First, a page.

In the gallery where Ismays collection was displayed we were again made to feel uncomfortable. A black line surrounded the display and a sign asked visitors not to step over it. Sadly as we walked around the young room stewards followed our every move keeping a close eye on our feet. This must again reflect their training because when we engaged them in conversation they were very pleasant, knowledgeable and enthusiastic.
The third gallery we entered was spotlighting the work of American artist Dana Schutz. This is the New York based painter’s first UK exhibition. Her large extremely colourful work did not appeal to either myself or Jude as we found them disturbing in an unpleasant way. This gallery though did give them the space needed to appreciate them coupled with excellent lighting. If you were a Schulz fan you would have appreciated how good they looked in this setting. You can see the hard surface of the bench here. It didn’t invite you to sit and peruse the paintings and did nothing to soften the hard lines of the building and whiteness of the room. Comfortable benches which invite the visitor to sit and consider a piece in more depth are sadly lacking throughout the gallery.
We moved through galleries displaying the work of Albert Wainwright whose work varied a great deal, from simple book and magazine illustrations to landscapes of Northern England and the occasional poster. Photography was not permitted in this room.
We moved on to Galleries 4,5 and 6 where the work of Barbara Hepworth was on show. Her work suited the style of gallery with their huge walls of glass which let the light stream in. The views out of these windows were out over the river towards the city.
We were pleased to see a full sized prototype of the well known piece “Winged Figure” which was designed to grace the John Lewis store in Oxford Street. We think of Hepworth as being just a sculptor so it was interesting to see some of her 2-D graphic works. It was a great privilege to get really close to this iconic piece and see the variety of textured surfaces.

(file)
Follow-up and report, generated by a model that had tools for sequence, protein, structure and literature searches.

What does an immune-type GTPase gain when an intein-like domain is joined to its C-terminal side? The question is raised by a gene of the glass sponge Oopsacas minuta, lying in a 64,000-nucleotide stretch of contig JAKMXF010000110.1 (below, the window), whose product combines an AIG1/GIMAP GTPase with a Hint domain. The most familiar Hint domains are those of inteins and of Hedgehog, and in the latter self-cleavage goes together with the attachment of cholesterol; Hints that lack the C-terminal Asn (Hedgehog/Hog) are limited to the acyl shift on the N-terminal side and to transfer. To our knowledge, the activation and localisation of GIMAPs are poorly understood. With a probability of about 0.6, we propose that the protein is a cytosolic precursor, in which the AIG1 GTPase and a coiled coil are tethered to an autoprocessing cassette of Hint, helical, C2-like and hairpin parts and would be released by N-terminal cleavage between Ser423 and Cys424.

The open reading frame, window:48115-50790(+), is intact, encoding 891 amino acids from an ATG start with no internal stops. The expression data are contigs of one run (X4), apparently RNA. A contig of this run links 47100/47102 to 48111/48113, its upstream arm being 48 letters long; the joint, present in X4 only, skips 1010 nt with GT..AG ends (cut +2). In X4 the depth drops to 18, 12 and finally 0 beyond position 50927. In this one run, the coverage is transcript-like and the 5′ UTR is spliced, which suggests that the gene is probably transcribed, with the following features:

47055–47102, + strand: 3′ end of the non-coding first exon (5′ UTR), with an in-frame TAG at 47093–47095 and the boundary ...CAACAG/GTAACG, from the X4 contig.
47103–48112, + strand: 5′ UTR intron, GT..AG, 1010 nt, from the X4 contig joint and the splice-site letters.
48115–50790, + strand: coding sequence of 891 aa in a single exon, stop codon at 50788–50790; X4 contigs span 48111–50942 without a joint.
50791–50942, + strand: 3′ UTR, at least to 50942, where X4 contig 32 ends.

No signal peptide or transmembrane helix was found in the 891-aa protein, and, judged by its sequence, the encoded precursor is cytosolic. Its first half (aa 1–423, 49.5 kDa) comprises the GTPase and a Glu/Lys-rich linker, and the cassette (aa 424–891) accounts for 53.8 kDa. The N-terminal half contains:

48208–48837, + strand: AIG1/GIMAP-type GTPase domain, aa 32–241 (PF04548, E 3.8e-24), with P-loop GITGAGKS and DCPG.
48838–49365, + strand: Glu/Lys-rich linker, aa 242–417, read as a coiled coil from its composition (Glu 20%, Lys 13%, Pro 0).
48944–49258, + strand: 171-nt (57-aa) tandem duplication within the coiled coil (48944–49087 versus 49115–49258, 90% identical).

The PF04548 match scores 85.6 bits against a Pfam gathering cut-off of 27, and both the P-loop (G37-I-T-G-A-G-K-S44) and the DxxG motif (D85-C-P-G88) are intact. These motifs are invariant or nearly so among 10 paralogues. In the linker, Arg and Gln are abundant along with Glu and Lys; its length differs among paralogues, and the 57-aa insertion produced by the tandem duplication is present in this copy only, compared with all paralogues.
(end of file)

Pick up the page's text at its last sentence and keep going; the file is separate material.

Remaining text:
It was strange to see some of her work in glass cases but I can appreciate that these particular pieces are delicate.
Enjoy this set of photos showing the variety of Hepworth’s work.
If we look at the following set of 5 photos we can see they feature a similar simple circle. The first photo is a close up of the last piece in the set of photos above, then we have a photo of the whole of a different piece of work followed by a close up of it. The final shot looks as if it fits with them but all it is is a shot I took accidentally as I walked through the gallery. I was carrying the phone set on camera mode facing down and inadvertently took a photo of the floor with a circle of an electric socket cover. Strangely in keeping!
We finished our visit by going back outside to look at the rest of the building itself and a few pieces displayed on the grassed areas alongside, including more of the Barbara Hepworth “Family of Man” pieces some of which we had already enjoyed at the sculpture park.
We were also able to view the old mill building, The Calder, which will hold exhibitions in conjunction with the Hepworth Wakefield. These old warehouses present a stark contrast to the modern geometric architecture of the new gallery close by.
So that is two parts of the Yorkshire Sculpture Triangle visited which just leaves the venues in Leeds, The Henry Moore Institute and the Leeds Art Gallery, to discover sometime in the future.